Thursday, December 14, 2006


One evening when I was in fourth grade, my former third grade teacher called my Mom, a fellow teacher, and said, "Remember that stray puppy Esbee liked so much when she was here at the farm for the holiday party? If you want him, come get him, because he just killed thirteen of my chickens, and if you don't, I'm going to shoot him."

So my mother and I got into our blue, wood-panelled station wagon and drove on out to Seneca, Maryland, and picked up the dog. On the way to his new home in the city, he threw up the mortal remains of those thirteen chickens. But my mother let me keep him anyway, and I named him Brownie because, well, he was brown.

Brownie was a so-ugly-he's-cute mutt, and he lived through my freshman year of college, then he went on to Greater Doggie Glory. And I've never seen another dog that looked quite like him.

Until now.

Meet A119156, aka "Peter", which is entirely the wrong name for that face. Forsyth County Animal Control has him up for adoption, but we're full up.

Wednesday, December 13, 2006

Hang 'em high

I'm at the Filling Station, sitting across from SueMo, who is funny and warm and, thankfully, understanding, when my cellphone rings. I glance at it, then motion that I have to take it. It's my husband - he never calls my cellphone unless something's wrong. And indeed, he is stuck at the license plate issuing place on Silas Creek, having locked his keys in his truck.

So I cut short an enjoyable chat and head out, first to pick up the youngest early from preschool, then home to grab the extra key, then over to the DMV on Silas Creek, because I misunderstood my husband when he told me where he was stranded. When I finally do make it to "the shopping center with IHOP and Office Depot", my husband is standing in the parking lot next to his truck, and he's laughing. He points at a car three spaces away.


Friends, don't do this. Not even a little.

Tuesday, December 12, 2006


Someone clever asked where I was going that I was at Wachovia and Brookstown. OK, I'll tell you, but try to keep it quiet: I went to the best kept shopping secret in Winston-Salem.

At the Winston-Salem Visitor Center, among other items, you can find tasteful books of local postcards, tasteful Moravian star kits, tasteful Moravian star ornaments that turn over into candleholders, tasteful pewter ornaments of the coffeepot and other local vistas. Yeah, you can find this stuff elsewhere in town, but the prices at the Visitor Center are incredible. Seriously.

You can also find things you will not be able to find elsewhere: local items with some kick. Yes, these are Winston-Salem shotglasses. Spoon collector? No worries, you're covered, too.

My favorite items the Visitor Center sells are copies of vintage postcards made into greetings cards.

But best of all, the Visitor Center is home to an Art-o-Mat. And I was finally able to find a Herbert Hoover cracker! Hurrah!

Dear Winston-Salem Journal:

I cannot believe the Local section isn't fifty pages long every morning. I see amazing things and people all over the place! If at any point you have a blank space as you're doing the paper layout, email me. I will happily share a multitude of possibilities that someone should cover because they are spectacular. Sadly, I don't always have the time (read: childcare arrangements) .


PS: Loved this morning's profile of Carolina Pet Services, but how about adding a hyperlink whenever possible to the JournalNow edition of the paper? It wasn't difficult to find one when I blogged my hamster's chakba.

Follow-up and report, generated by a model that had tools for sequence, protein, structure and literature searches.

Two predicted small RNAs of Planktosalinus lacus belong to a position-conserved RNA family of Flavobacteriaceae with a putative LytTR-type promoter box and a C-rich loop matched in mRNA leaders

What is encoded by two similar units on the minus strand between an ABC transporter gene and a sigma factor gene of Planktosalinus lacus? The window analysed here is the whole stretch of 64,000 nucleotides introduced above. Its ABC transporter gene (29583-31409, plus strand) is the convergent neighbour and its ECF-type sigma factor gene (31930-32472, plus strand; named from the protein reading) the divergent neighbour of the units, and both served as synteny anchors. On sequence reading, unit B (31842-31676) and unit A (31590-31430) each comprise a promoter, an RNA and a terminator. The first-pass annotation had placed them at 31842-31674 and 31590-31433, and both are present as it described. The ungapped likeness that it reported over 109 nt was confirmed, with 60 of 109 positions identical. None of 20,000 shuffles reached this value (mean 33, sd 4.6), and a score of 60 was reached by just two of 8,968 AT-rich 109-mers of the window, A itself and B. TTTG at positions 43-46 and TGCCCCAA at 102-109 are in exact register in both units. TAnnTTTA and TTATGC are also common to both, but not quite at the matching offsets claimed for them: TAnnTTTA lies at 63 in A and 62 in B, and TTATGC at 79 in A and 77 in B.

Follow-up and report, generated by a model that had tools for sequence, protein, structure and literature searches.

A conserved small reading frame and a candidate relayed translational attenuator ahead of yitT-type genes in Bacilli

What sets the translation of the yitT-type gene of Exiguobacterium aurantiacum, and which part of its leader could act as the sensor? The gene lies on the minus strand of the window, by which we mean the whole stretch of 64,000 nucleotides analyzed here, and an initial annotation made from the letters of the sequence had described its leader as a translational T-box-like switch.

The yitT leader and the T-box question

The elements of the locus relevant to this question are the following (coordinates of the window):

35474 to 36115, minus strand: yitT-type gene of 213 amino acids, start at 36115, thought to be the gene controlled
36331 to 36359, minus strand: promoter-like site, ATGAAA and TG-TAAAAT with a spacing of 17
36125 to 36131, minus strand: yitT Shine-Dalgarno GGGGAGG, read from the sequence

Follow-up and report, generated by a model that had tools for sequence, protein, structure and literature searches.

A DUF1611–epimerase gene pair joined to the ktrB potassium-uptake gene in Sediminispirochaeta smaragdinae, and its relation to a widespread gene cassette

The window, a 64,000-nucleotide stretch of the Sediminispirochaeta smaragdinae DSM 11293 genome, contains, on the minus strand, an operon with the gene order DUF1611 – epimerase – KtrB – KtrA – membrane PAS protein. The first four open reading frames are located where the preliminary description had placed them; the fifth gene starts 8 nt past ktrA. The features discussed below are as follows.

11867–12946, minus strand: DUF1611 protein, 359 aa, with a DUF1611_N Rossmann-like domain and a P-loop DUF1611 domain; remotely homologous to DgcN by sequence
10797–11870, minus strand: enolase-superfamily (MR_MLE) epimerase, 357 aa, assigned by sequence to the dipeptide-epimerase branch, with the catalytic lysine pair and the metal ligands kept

Monday, December 11, 2006

Wachovia and Brookstown

I completely love this building. It is a perfect triangle, backing up to S. Marshall. I hope someone buys it and restores it rather than tearing it down to make way for yet more downtown condominiums, which seem to be multiplying like bunnies. Nymphomaniac bunnies. On Ecstasy.

Sunday, December 10, 2006

Lock 'im up

My four year old son just wiped his face on my shirt assaulted me.

At least, by the standards of this Texas school.

Oh, dear

The oldest woke up this morning with the full-on winter virus: the cough that sounds like he's gagging, the sore throat, the nose that likes the nightlife, it likes to Boogie.

I've dosed him with some children's cold medicine and bundled him onto the couch and now...

Well, not to be selfish, but I cannot get sick. Cannot, cannot, cannot. I have exactly three more days when both children are in school, and all three days are precision choreographed to a level befitting a professional ballet. I've not one spare minute to be slowed down by sickness.

And so here's what I need: I need every drugstore and/or home remedy you swear by. I don't care if they sound stark raving mad, I want to have them. I want to know what root to dig next to which tree, which stones to wear tied by what kind of string on my left wrist, and which moon to dance under clad solely in gingko leaves. OK, well maybe not that last one. It's still awfully chilly.


Saturday, December 09, 2006

Tap, Tep, Tip, Top, Tup

'Tis the season to tip your service people! Or not. The Washington Post had a rather good article, which the Journal picked up, detailing the pros and cons on each side.

Myself, I tip the following service people at Christmas:

the garbage men (3)
the recycling man (1)
the postman (1)
the gardener and his crew (3)

I was thinking of doing Harris Teeter giftcards this year.

1. Too boring or nicely practical?
2. Am I forgetting anyone?

Friday, December 08, 2006

Dear Gentleman Standing on the Raised Median

at the intersection of Robinhood and Peacehaven:

I almost killed you today. I wasn't trying to kill you, but I almost did. I understand that you are there with your bucket and your sign collecting money from drivers for something, a church program, an outreach, yourself, who knows. But seriously, you're going to get hit if you keep it up, this swinging of the bucket and shifting and such. It just isn't safe.